Amid the rolling hills of the Hudson Valley, set against the backdrop of Storm King mountain, sculptures and art installations of all shapes, sizes, and materials adorn grassy meadows and shady groves. This is the Storm King Art Center, a world-renowned outdoor museum in Orange County, New York, that encompasses roughly 500 acres and features modern and contemporary works. Here, undulating waves of turf mimicking giant ocean swells mix with towering formations of metal and other smaller works, such as Alyson Shotz's oft-photographed mirrored picket fence. Many of the works at Storm King are part of its permanent collection, but the curators also bring in new art every year as part of a special themed exhibit. For 2018, the exhibit is called Indicators: Artists on Climate Change, which features more than a dozen works.
One of those artists is Jenny Kendler. Born in New York City, raised in Richmond, Virginia, and now a resident of Chicago, Kendler is an artist and activist who uses her work to raise awareness around issues she’s passionate about, including climate change. And so it was a perfect fit when Storm King asked Kendler, the first and current resident artist for the Natural Resources Defense Council, to make something for this year's special exhibit.
Kendler's creation is an arresting installation called Birds Watching, which features a single eye from 100 different bird species. These aren't just any birds, though—each is a species threatened by climate change, according to Audubon's 2014 Birds & Climate Change report. In fact, Kendler credits the report for inspiring and informing her work. To find out more about her project and what she hopes people will take away from it, Audubon caught up with Kendler on the phone. The conversation below has been edited for both length and clarity.
Audubon: How did this particular project come about? Did Storm King approach you for a new work, or was this something you were already working on?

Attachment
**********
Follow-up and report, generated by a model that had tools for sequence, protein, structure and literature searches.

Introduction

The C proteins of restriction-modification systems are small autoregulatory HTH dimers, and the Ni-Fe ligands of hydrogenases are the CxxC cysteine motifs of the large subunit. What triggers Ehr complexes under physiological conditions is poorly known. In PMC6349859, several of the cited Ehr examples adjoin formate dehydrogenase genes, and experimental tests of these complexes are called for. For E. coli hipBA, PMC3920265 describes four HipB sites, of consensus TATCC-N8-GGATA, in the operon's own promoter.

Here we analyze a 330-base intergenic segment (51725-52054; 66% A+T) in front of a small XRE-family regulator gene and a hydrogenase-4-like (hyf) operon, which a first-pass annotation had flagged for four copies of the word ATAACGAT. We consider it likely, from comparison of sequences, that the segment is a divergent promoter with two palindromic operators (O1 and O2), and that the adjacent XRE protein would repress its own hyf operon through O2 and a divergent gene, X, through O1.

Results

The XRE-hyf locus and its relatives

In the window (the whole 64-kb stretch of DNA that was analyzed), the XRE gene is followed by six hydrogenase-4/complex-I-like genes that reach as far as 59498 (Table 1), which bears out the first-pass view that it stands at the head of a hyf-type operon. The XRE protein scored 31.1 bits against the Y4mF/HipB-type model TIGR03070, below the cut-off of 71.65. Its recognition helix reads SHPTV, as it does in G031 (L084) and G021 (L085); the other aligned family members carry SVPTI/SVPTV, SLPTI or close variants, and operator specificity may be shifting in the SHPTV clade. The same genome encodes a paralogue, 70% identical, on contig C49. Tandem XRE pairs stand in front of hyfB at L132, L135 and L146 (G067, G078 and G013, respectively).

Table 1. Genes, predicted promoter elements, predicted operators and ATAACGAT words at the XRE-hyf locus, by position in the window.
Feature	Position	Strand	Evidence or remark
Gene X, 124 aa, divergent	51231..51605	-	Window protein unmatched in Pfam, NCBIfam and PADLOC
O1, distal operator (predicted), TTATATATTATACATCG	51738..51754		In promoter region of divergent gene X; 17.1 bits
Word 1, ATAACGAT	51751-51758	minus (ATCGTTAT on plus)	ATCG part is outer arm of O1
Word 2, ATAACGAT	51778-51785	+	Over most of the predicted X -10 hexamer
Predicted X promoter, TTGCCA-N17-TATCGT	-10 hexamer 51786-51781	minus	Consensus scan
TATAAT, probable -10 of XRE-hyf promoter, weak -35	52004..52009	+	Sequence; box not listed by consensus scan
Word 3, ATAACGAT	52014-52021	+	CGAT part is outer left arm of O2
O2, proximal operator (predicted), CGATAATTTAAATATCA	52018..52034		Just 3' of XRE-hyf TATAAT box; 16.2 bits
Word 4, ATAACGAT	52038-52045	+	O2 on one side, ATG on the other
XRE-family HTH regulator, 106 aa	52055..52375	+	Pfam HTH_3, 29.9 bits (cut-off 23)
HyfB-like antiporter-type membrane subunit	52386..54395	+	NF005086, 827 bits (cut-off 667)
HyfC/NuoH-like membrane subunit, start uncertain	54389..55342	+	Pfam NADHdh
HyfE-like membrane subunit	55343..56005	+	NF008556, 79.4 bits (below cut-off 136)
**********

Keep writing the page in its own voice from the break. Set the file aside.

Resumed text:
Jenny Kendler: The Storm King team approached me. It was probably September of last year. At any one time, I'm simmering 18-20 ideas in the back of my studio, but I went to some of them for the show and nothing really seemed like a fit for the particular theme, venue, etc. So this is a new idea specifically for this show. It certainly bears relationships to other works that I've done, especially this project I did called Bewilder, which is kind of like an immersive wallpapered environment that uses the eyes of butterflies and moths.
A: Were you already pretty familiar with the layout of Storm King?
JK: I definitely knew what Storm King was. To people working in contemporary art, sculptors, and especially people interested in working outdoors, this is like the premier sculpture park in the United States. So I was definitely familiar with them and extremely honored and amazed to be part of an exhibition there and even more thrilled that they—as this massive institution with all this presence and reach—are choosing to focus an entire year's worth of programming on climate change.
A: You give credit to Audubon’s 2014 Birds and Climate Change report for inspiring this piece. Were you already familiar with the report before you came up with this idea?
JK: Thinking back, I had discovered the report beforehand, so I already knew about it. I really can't give Audubon and the scientists who came up with this report enough credit. I think it's incredibly well done; it's a really enlightened move to help the public understand exactly how our actions are impacting other species. You see in my work that oftentimes what I'm trying to do is speak for communities that have no voice. I just particularly am in love with birds. I've always been taken by them. I want people to think about birds as more than a decorative element in the landscape, but to think of them as actual beings with these incredible, unique lives, and to consider the way that we threaten their ability to exist as species with climate change.
A: Why did you choose to just focus on the eyes?